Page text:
Ancient legends and traditional Chinese culture will come alive on stage at the David H. Koch Theater at Lincoln Center as Shen Yun Performing Arts returns to the city for its ninth season.
The New York-based Shen Yun showcases world-renowned classical Chinese dance and music. It was established in 2006 to revive 5,000 years of Chinese civilization through the performing arts, and audiences say the performance is unparalleled.
“What I loved about the show was the authenticity of it … from a spiritual level. It was so beautiful to see,” said Donna Karan, creator of DKNY, after seeing a past performance.
“It is always exciting because every year it is a new production,” said Pia-Maria Norris, Shen Yun Promotions International spokeswoman. “We have patrons who come year after year and also bring new guests.”
Shen Yun’s dancers perform classical Chinese dance and ethnic and folk dances from the 50-plus ethnic minorities of China. It is a richly expressive form with a history of thousands of years, and built on the foundation of a divinely inspired culture, Shen Yun explains on its website.
The Shen Yun Performing Arts orchestra blends ancient Chinese instruments seamlessly into a full symphony orchestra. Vocalists sing original Chinese compositions in the bel-canto style. The animated backdrop transports the audience from celestial kingdoms and undersea palaces to the snow-capped Himalayas, or to bucolic riverscapes.
“What was really impressive is the choreography—the choreography and the discipline of each dancer and how synchronized everything was, perfectly synchronized,” said Julianna Conn, a ballet dancer who had studied at the world-renowned Bolshoi Ballet Academy in Russia, after she saw the performance last season. “I know what it takes to really perform at this level.”
World-renowned Shen Yun has four touring companies that travel to over 100 cities, and more and more cities invite Shen Yun every year. It has performed nearly 2,000 times in top venues like Palais des Congrès de Paris and Kennedy Center in Washington to sold-out theaters and standing ovations.
Norris said everyone from children to the elderly, from all backgrounds and walks of life enjoy Shen Yun because of its exquisite beauty and universal themes.
“Whoever designed the program did a sensational job,” said Georgia Kaufman, a music teacher in Manhattan. “But I especially liked the ending because it was an ending that gave us hope, and we should always have hope in our hearts, that the world will be a better place.”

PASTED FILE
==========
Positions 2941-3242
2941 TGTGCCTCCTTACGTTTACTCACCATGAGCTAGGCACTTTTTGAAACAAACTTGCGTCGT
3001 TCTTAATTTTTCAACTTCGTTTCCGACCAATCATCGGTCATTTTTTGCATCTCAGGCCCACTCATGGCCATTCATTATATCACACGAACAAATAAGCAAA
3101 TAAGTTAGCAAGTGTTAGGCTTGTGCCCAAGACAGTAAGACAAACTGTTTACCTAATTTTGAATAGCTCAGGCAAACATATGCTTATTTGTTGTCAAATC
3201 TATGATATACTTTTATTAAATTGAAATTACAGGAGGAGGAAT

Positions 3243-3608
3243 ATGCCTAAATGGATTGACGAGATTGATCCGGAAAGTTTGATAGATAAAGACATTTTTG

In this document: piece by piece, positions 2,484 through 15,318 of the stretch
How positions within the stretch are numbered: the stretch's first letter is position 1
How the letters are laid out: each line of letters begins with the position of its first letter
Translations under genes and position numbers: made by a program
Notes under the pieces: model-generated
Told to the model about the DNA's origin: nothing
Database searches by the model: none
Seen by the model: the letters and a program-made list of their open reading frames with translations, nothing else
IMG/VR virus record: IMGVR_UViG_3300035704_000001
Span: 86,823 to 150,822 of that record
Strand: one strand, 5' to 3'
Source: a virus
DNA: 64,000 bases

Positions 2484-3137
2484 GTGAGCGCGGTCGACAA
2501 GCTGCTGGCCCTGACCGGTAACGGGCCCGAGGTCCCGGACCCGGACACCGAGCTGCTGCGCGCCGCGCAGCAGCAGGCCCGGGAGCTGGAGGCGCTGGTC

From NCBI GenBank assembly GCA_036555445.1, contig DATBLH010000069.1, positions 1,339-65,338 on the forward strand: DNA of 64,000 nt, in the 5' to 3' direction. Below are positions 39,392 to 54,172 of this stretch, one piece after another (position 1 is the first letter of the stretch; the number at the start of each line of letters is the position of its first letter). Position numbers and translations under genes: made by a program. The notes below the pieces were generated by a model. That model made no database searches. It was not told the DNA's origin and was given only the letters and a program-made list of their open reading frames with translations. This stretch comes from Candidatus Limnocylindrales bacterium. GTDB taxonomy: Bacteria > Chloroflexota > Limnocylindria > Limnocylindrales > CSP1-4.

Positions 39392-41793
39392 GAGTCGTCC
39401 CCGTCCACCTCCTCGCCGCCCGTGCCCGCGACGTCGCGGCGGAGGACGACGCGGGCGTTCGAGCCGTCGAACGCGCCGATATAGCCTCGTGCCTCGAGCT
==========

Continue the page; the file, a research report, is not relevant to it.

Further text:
Shen Yun’s mini-drama pieces draw from stories and legends that span China’s history, from the Creator descending to set into motion 5,000 years of civilization to snapshots of the different dynasties. At the core of the art forms are the principles of benevolence and justice, wisdom and propriety, ideals that originated from Confucianism, Buddhism, and Taoism. According to Shen Yun’s website, these are the essence of traditional Chinese culture.
Valerie Diker, a philanthropist who has spent her career as the chair of arts organizations like the National Board of the Santa Fe Opera and Trustee for the American Ballet Theatre, said the opportunity to “see the old in its pure form is very inspiring.”
This year, over 70 officials at the federal, state, and local level welcomed Shen Yun back to Lincoln Center with letters of greetings and proclamations praising the company’s mission.
“Operating as an unparalleled dance and music company, the Shen Yun Performing Arts preserves the true spirit of Chinese culture, while also breathing new life into it,” stated U.S. Sen. Chuck Schumer (D-N.Y.) in a congratulations letter to Shen Yun.
Norris says tickets to New York’s 10 performances are selling fast.
“New Yorkers tend to wait until the last minute, and in Shen Yun’s case that is not a good idea,” she said.
“Last year people who really wanted to see the performance could not get tickets as they were sold out.”
Additional reporting by Ananda West and NTD Television
The Epoch Times has proudly covered audience reactions since Shen Yun’s inception in 2006.
Shen Yun will perform at David H. Koch Theater at Lincoln Center from Jan. 9–18. For tickets and more information, visit ShenYunPerformingArts.org.